When told by a female lawyer in the firm (Mike’s sister-in-law) that he needed to get in touch with his feminine side, Mike borrowed and put on makeup and a maternity dress from another lawyer in the office. He then summoned several colleagues to his office to discuss then-pending matters, who encountered Mike exploring his “feminine side”. After one colleague engaged in a serious, professional discussion with Mike without commenting at all on his attire. At the end of this meeting, that colleague said to Mike, with a straight face, “Mike, if my wife is getting rid of any of her dresses, I’ll have her keep you in mind.”
On another occasion, Mike made a bet with another of the firm’s lawyers on the Notre Dame-Michigan game; the stake was that the alum of the losing team would have to wear the other team’s football helmet the entire day. When Notre Dame prevailed, the other lawyer was saddled with a gold helmet – which he was forced to wear outside the office when Mike treated him to lunch that day. Mike’s sense of humor was infectious and ever-present.
Mike loved sports. He played baseball as part of the Notre Dame High School (Niles, Illinois) Class of 1959, on a team that advanced far in the state playoffs. Mike later served on the Niles Notre Dame Board of Directors and was an original inductee into the school’s Hall of Honors.
Mike continued to play baseball on the Freshman Team at the University of Notre Dame, from which Mike graduated in 1963. For years – well into his 60s – Mike lead the Hubachek-Schuyler 16-inch softball team in the Grant Park Lawyer’s League. He served as Commission of that League for 10 years, frequently resolving disputes among competing firms/teams that were more contentious than those he encountered in his litigation practice. Mike took great pride in the ability of his firm – one of the smallest in the league – to win multiple Lawyer’s League Championships.
When he graduated from Notre Dame in 1963 – as a member of the only class in school history that had not experienced a winning football season in any of their four years – Mike applied to and was accepted by Georgetown Law School. However, the Dean of the Notre Dame Law School offered Mike a scholarship to continue on at Notre Dame. Mike remained on the fence concerning whether to attend Georgetown or Notre Dame until it was announced that Notre Dame was going to hire a new football coach for the 1964 season. This development caused Mike to flip his commitment from Georgetown to Notre Dame, where he enjoyed the early years of the Era of Ara Parseghian.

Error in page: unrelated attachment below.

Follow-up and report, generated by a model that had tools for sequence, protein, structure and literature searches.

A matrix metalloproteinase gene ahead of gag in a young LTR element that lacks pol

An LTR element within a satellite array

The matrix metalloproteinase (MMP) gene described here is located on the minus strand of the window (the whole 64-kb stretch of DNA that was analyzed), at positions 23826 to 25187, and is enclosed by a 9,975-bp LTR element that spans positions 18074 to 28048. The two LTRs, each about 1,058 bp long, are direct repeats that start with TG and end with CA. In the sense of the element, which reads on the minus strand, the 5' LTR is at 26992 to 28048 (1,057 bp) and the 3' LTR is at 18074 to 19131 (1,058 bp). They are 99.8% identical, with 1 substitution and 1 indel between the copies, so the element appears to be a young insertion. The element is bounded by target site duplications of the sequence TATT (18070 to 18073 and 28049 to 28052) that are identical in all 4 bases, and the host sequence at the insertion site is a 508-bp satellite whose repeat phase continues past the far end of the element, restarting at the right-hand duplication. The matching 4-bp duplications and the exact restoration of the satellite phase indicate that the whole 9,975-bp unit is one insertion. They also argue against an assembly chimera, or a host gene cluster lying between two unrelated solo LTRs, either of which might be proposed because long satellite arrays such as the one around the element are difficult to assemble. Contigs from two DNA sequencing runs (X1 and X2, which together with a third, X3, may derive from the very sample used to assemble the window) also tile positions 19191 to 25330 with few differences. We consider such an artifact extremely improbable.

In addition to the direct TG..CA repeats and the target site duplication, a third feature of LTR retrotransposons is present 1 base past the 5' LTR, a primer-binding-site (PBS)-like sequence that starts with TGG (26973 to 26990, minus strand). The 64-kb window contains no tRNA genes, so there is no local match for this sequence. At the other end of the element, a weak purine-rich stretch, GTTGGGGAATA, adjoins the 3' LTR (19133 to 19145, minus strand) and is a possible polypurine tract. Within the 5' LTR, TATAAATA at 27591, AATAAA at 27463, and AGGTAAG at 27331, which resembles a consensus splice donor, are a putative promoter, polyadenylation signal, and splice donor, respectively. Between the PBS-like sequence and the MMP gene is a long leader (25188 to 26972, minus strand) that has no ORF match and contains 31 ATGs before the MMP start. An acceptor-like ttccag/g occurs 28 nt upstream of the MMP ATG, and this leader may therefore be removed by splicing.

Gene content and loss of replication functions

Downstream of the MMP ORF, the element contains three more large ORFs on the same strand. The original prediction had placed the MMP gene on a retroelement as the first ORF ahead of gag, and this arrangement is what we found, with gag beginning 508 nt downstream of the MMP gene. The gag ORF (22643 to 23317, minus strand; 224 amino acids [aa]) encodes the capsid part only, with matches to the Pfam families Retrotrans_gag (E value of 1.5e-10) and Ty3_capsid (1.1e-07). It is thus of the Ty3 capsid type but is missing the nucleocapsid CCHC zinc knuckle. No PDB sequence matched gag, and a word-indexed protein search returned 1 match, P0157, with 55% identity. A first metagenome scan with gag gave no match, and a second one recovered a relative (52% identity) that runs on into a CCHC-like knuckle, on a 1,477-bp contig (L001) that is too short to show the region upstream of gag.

Mike remained an avid (some would say obsessive and irrational) Notre Dame fan his entire life. One of his prized possessions, on prominent display in his office, was an oversized, autographed photo of Ara. Mike’s entire office was a shrine to Notre Dame, the Chicago Bears and the Chicago White Sox. Mike was so devoted to Notre Dame that one Christmas, he sought to string lights on the roof of his house to form an “ND”. When Mike was finished, neighbors asked Mike why he had the word “NO” in lights on the top of his house. Mike was elected as a regional representative to the Notre Dame Alumni Board and served as President and a Board Member of the Notre Dame Club of Chicago.
Mike was also known for his culinary orthodoxy. He liked any meal, as long as it consisted of beef (preferably steak) and potatoes. Early in his career, Mike went to dinner at a fancy restaurant with clients. Encouraged to order quail, the specialty of the house, Mike answered, “No thanks. I don’t like fish.” Years later, Mike and his wife, Kathy, attended a function in the Chicago Loop. Not having eaten, they stopped in a hotel. The restaurant was closed, and the only fare available at the bar consisted of various Chinese appetizers that were served with a black sauce. Forced to eat such unfamiliar food, Mike found he liked it. He said to Kathy, “This sauce is tremendous! What is it?” Kathy answered, “Mike, that’s soy sauce” – something that Mike had not previously encountered.
Mike’s passing came approximately six weeks after the sudden illness and death of his wife, Kathy, to whom he was married for 47 years. He is survived by three children and their spouses, Michael T. Roche and Megan; Kevin Roche and Laura; and Molly Roche and Dawn Walsh. Mike had five grandchildren, Jack, Margaret, Dennis, Claire and Colin. Mike is also survived by his sister, Kathleen “Lolly” Petrillo, as well as his brothers-and-sisters-in-law Thomas McGuire, Carol McGuire, Michael McGuire, Thomas and Shelia Hanson, Timothy and Jean Quinn, along with 16 nieces, nephews and their families.
Mike’s contributions to SRC – and to society as a whole – are beyond measure. His ability, wisdom, judgment, counsel, humor and friendship will be missed by all who were privileged to know him.